The Guest Column by Victor Ivon

1st October 2000

Scapegoat for political survival

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At a time when the Alliance for a free and fair election has started a movement to get the people to wear a yellow band for a free and fair election, the President too, it is observed, has published a special advertisement in her own name. In the photograph used in this advertisement bands various bright colours are used in place of the yellow bands.The President's message which it carries reads. 

'My government and I am committed to a free and fair election at the coming general election in the same way we were committed to protect the right to vote through free and fair election in the last six occasions. 

What the President tells the country thereby is that every election without exception during her period of administration was held in an extremely free and fair manner. On that basis, the Wayamba election which may be considered the most open and massive plunder of votes, as well as the Presidential Election of '99 which may be considered to have been held not in the same rough and violent way as the Wayamba but in an extremely subtle and modern manner, has to be rated as an extremely free and fair exercise. If the coming Parliamentary Election is going to be held in free and fair a manner as the previous elections, it is not difficult to foresee what is going to happen at this election. 

President J.R. Jayewardene's line of thought too, was very much similar to this. After extending by six more years the life of a Parliament in which he had a five-fifths majority, he told the country that he did everything in an extremely democratic manner. What President Chandrika Kumaratunga tells the country is not very different. Under a democratic political system, all members of Parliament become former MPs with no power, immediately after the Parliament is dissolved. However, according to the new tradition initiated by the Chandrika Kumaratunga government, no change occurs in the status of the MPs even after the dissolution of the Parliament. They remain a group of persons with the same powers and privileges. In a country where a democratic system prevails, it is illegal to grant appointments for jobs, to grant loans from state banks, to write loans, to grant lands and to take other actions after the Parliament is dissolved.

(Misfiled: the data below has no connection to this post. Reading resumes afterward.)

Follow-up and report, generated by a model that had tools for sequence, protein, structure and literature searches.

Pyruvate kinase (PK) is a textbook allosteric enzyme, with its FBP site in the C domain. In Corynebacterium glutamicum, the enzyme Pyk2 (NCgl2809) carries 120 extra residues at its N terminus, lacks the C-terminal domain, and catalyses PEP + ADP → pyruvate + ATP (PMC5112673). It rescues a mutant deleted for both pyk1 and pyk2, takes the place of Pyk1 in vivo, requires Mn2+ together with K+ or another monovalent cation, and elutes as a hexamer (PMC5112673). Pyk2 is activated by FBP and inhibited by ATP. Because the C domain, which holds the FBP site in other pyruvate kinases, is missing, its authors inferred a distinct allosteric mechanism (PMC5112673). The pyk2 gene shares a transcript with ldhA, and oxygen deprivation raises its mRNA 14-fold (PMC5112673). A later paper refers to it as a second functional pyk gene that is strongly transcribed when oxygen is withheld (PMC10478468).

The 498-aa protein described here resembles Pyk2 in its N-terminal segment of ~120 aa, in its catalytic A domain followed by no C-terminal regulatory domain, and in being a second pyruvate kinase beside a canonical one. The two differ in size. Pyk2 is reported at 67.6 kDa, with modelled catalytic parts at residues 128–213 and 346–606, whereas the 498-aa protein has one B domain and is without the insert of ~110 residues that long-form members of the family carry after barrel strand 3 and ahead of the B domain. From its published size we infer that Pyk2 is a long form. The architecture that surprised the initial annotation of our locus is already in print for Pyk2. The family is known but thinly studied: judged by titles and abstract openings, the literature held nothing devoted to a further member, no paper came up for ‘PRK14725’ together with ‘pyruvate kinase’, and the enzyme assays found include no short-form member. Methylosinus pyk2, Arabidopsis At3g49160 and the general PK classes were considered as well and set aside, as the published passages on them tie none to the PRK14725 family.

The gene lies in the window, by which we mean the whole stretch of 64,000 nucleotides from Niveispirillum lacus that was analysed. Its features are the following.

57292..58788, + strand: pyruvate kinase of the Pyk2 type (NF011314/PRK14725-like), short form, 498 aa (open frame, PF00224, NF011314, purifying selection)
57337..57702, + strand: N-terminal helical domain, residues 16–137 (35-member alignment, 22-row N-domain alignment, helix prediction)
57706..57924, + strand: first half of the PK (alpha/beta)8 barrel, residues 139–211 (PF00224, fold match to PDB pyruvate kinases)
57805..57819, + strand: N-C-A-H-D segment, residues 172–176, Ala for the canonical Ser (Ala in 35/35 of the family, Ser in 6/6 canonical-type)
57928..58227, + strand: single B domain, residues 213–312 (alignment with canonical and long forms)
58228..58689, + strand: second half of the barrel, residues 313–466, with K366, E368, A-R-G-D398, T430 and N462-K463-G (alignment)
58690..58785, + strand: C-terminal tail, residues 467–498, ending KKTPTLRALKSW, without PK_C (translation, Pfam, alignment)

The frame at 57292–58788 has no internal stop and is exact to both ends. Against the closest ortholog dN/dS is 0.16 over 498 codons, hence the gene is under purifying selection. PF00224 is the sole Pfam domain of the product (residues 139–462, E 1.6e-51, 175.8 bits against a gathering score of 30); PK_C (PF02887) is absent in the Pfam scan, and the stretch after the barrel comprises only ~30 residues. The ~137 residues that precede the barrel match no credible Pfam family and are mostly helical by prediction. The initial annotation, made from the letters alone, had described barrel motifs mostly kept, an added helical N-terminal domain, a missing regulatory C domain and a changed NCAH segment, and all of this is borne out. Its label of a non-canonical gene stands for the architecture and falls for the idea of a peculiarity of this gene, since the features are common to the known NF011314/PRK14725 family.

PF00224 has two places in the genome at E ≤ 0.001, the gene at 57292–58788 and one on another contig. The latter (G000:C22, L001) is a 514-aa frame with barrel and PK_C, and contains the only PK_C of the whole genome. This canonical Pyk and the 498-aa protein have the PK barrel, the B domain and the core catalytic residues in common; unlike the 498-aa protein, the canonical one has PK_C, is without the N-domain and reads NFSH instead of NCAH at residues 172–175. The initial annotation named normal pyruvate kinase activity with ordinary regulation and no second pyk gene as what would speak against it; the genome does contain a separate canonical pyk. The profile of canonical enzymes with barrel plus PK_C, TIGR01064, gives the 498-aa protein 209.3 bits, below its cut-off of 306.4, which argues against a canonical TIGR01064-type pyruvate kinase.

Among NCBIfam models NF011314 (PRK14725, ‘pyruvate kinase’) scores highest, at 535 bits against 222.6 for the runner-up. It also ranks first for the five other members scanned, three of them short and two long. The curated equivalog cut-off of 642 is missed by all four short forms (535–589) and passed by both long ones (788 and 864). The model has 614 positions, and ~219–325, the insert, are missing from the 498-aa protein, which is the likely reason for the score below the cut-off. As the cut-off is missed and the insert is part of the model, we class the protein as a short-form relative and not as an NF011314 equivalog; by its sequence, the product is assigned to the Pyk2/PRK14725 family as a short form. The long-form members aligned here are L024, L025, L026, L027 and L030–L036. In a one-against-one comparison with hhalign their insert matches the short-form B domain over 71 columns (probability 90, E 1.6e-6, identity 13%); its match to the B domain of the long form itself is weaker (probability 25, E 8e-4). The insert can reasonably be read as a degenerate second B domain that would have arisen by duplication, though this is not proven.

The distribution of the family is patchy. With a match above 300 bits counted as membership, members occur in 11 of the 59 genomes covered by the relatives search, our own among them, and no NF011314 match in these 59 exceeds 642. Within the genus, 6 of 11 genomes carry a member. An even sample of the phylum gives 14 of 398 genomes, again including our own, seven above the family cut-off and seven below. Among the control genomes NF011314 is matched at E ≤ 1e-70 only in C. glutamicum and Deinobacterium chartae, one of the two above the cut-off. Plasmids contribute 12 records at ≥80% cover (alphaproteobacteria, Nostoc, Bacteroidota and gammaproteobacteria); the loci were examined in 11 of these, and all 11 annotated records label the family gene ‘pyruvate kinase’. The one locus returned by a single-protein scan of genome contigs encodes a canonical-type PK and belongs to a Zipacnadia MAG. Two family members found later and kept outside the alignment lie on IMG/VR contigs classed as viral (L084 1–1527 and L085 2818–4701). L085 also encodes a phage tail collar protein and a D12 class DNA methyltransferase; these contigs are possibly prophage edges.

However, in our country, the biggest development works are undertaken after dissolution of Parliament. The greatest number of persons are given jobs after dissolution of Parliament. Title deeds for lands for the leaders are handed over to recipients personally by the President. 

Although all these actions should fall under the category of bribery, the law is silent on all these illegal acts.